I recently started a blog series on balancing hormones naturally.
I have five simple solutions I recommend to women who have issues with hormone health.
I like to call these Hormone Helpers…
And I want to discuss the fifth (and final) one with you today.
Hormone Helper #5: GET OUTSIDE IN NATURE AND MOVE
The term forest bathing has made its way to Western societies.
The official term, Shinrin-yoku, literally means “taking in the forest atmosphere.”
There have been numerous studies that detail the benefits of taking time to enjoy nature and breathe its air [1,2,3,4,5,6].
And what’s great is that it only requires as little as 20 minutes a day.
Forest bathing has a number of key benefits. Among them:
- Lower cortisol levels: Nature is soothing so it makes sense that stress levels decrease when you’re out in nature. Scientists discovered individuals had lower cortisol levels when visiting a forested area compared to those who went to a city area [1,3]. Lower stress levels allow hormones in your body to operate correctly and eliminate excess hormones that aren’t needed.
- Improves mood/less anxiety: Spending time in nature allows your “fight or flight” response to decompress, activating what scientists call your parasympathetic nervous system. The more time your body spends in a parasympathetic state, the better your overall health [1,3]. And less anxiety lowers your cortisol levels.
- Strengthens your immune system: A strong immune system can help you fight off infections. Elevated cortisol levels can also impact your immune system, making it weaker and more susceptible to illness. But forest bathing can help with this too. Researchers discovered that spending time in nature had a positive effect on your immune system, strengthening the natural killer activity in your body, providing the individual with increased protection and ability to fight off viruses and bacteria . Even better, these positive effects of the immune system lasted for 30 days!
Remember: this practice should be an activity you look forward to and not something you dread.
Movement helps you burn calories, and helps reverse some of the impacts of high cortisol levels.
Western societies employ a number of professions that require sitting at a desk all day with very little movement.
An easy solution to break up the monotony of the day is to walk around every hour for a few minutes so you can keep your body active instead of stagnant and stiff.
And you’ll be amazed how fast your steps are completed when you start a new (and easy) habit of walking around your office while you’re at work every day.
Or even get your partner or children involved in the evenings and weekends.
Even taking steps during commercial breaks can start to add up too.
Hot tip: use your time in nature to check off those steps, and get the most use of your time. I know as a busy woman you have a lot to get done in a single day, but taking time for yourself allows you to be the best version of you so you can help others around you.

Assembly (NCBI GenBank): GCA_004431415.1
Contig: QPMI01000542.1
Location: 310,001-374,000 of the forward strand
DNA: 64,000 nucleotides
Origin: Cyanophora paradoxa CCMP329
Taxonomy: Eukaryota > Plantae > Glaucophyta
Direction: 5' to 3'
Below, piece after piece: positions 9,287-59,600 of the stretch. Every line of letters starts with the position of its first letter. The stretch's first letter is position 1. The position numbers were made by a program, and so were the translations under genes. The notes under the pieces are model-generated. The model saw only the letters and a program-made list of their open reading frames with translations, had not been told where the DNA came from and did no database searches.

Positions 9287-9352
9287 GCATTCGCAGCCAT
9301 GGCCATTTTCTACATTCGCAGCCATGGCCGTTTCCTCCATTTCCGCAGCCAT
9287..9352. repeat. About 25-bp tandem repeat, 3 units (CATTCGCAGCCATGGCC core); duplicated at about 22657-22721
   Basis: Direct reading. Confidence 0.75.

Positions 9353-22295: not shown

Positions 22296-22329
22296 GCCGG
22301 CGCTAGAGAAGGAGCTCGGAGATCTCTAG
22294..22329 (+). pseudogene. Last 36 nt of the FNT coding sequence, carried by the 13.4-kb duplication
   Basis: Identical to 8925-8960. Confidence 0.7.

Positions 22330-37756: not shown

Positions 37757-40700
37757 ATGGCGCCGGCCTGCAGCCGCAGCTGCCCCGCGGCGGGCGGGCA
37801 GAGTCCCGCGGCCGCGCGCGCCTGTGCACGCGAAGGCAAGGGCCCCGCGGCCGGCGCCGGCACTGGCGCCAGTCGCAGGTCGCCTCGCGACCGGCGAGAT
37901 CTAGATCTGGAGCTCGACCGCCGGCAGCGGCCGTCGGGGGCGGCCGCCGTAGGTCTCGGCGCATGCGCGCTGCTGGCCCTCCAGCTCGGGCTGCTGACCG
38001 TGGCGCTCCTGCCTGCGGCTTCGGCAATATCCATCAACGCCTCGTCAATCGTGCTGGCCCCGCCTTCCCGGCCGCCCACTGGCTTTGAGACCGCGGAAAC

I’m going to wrap up this series next time…
But until then, take the time to implement these five hormone helpers.
Your hormones (and health) will thank you.
***If you want to know more about nutrition and hormone health, I go in much more detail in my program, Best of You. What you eat has such a profound effect on your body, and especially your hormones, that I spend much more time going over the solutions to better hormone health inside my program.
ReferencesPark BJ, Tsunetsugu Y, Kasetani T, Kagawa T, Miyazaki Y. The physiological effects of Shinrin-yoku (taking in the forest atmosphere or forest bathing): evidence from field experiments in 24 forests across Japan. Environ Health Prev Med. 2010 Jan;15(1):18-26. doi: 10.1007/s12199-009-0086-9. PMID: 19568835; PMCID: PMC2793346. Keniger LE, Gaston KJ, Irvine KN, Fuller RA. What are the benefits of interacting with nature? Int J Environ Res Public Health. 2013 Mar 6;10(3):913-35. doi: 10.3390/ijerph10030913. PMID: 23466828; PMCID: PMC3709294. Yau KK, Loke AY. Effects of forest bathing on pre-hypertensive and hypertensive adults: a review of the literature. Environ Health Prev Med. 2020 Jun 22;25(1):23. doi: 10.1186/s12199-020-00856-7. PMID: 32571202; PMCID: PMC7310560. Antonelli M, Donelli D, Carlone L, Maggini V, Firenzuoli F, Bedeschi E. Effects of forest bathing (shinrin-yoku) on individual well-being: an umbrella review. Int J Environ Health Res. 2022 Aug;32(8):1842-1867. doi: 10.1080/09603123.2021.1919293. Epub 2021 Apr 28. PMID: 33910423. Ideno Y, Hayashi K, Abe Y, Ueda K, Iso H, Noda M, Lee JS, Suzuki S. Blood pressure-lowering effect of Shinrin-yoku (Forest bathing): a systematic review and meta-analysis. BMC Complement Altern Med. 2017 Aug 16;17(1):409. doi: 10.1186/s12906-017-1912-z. PMID: 28814305; PMCID: PMC5559777. Berman MG, Jonides J, Kaplan S. The cognitive benefits of interacting with nature. Psychol Sci. 2008 Dec;19(12):1207-12. doi: 10.1111/j.1467-9280.2008.02225.x. PMID: 19121124. Li Q. Effect of forest bathing trips on human immune function. Environ Health Prev Med. 2010 Jan;15(1):9-17. doi: 10.1007/s12199-008-0068-3. PMID: 19568839; PMCID: PMC2793341.